Its a tiny town really, located in the North East coast of Tasmania bording the the Bass Strait. Tiny not only because of the human population, but also because it’s a seasonal home for those beautiful creatures, the little penguins who have a rookery at a point named after them.
Little penguins are aptly named,only 33cm tall and weighing around 1kg they are the smallest (and cutest!) of the Penguin species. During the breeding season from September to March, they gather in rookeries all the way along Tasmania’s north-east coast – but especially at the little beach bluff between Ulverstone and Burnie known as Penguin Point. Swimming from island colonies in the Strait (including the nearby Goat Island), many come ashore each year to lay their eggs in burrows.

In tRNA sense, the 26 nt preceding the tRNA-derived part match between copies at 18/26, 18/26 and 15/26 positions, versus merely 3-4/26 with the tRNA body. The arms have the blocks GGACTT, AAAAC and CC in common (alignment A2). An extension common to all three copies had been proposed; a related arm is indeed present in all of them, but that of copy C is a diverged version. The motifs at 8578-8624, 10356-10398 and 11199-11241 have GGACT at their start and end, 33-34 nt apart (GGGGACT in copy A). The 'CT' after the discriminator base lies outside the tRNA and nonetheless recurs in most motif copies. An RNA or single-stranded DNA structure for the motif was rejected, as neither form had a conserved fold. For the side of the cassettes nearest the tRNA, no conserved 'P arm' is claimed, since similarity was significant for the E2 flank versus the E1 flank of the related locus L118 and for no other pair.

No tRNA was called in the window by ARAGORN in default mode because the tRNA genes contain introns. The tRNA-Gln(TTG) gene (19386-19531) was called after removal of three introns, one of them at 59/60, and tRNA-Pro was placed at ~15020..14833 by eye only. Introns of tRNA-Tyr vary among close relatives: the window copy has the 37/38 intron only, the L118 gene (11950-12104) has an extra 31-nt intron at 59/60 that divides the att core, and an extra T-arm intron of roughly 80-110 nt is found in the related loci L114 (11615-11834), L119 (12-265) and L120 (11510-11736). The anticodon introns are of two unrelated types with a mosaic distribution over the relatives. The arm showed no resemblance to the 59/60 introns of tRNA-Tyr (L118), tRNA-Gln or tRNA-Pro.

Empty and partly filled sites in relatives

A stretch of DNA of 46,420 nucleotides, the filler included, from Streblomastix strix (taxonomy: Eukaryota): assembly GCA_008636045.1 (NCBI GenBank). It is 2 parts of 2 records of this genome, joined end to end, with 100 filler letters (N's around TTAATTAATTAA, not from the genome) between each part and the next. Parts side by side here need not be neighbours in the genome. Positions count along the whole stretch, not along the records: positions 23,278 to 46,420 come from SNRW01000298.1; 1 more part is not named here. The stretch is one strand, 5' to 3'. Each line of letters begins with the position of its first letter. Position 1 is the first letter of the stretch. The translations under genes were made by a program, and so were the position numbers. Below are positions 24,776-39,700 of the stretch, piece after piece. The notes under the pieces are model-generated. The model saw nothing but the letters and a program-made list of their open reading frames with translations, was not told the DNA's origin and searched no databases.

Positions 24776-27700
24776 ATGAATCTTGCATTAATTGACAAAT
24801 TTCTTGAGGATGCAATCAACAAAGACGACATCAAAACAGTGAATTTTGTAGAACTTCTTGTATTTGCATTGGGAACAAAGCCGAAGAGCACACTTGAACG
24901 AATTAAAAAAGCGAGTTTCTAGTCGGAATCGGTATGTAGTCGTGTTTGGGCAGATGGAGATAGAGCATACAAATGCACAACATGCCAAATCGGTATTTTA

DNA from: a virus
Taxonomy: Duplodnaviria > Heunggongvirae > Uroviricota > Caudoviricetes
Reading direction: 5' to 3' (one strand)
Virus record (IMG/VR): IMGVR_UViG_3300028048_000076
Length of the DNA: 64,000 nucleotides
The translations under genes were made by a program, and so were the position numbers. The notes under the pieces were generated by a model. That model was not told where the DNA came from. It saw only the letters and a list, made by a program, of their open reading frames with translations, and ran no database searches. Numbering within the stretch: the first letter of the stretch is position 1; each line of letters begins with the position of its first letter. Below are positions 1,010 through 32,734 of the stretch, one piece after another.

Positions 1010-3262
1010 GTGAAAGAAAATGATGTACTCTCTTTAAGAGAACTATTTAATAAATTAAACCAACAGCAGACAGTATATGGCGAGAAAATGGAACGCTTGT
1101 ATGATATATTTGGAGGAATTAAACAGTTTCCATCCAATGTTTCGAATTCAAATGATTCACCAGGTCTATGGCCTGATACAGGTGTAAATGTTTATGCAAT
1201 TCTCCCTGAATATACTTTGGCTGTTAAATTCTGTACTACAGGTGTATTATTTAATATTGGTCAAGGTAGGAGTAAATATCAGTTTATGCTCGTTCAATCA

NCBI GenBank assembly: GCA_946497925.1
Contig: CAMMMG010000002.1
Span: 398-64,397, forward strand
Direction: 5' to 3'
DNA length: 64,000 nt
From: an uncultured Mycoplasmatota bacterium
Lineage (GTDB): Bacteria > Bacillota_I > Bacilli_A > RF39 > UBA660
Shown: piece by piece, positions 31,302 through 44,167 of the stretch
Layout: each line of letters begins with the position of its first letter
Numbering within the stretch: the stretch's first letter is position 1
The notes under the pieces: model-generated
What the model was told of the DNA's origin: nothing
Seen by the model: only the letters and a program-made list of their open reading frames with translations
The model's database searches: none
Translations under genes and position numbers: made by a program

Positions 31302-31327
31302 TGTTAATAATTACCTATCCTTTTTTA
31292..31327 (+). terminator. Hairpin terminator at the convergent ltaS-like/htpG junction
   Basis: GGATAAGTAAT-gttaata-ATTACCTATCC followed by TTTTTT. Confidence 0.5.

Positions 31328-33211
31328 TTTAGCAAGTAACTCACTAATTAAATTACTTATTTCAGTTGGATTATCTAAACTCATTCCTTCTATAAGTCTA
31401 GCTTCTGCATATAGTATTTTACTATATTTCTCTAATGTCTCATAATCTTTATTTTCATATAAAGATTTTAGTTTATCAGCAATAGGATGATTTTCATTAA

Maybe that’s why in 1975 for the centenary of what was originally a timber town, the 4,000 permanent residents decided to celebrate its beauteous inhabitants, by building a big penguin statue.
But its not the only statue around town; penguin statues and motifs can be found adorning rubbish bins or saluting you outside shops.
Without doubt it is the unique natural beauty of this small coastal town which causes both penguin and human alike, to return to its shore.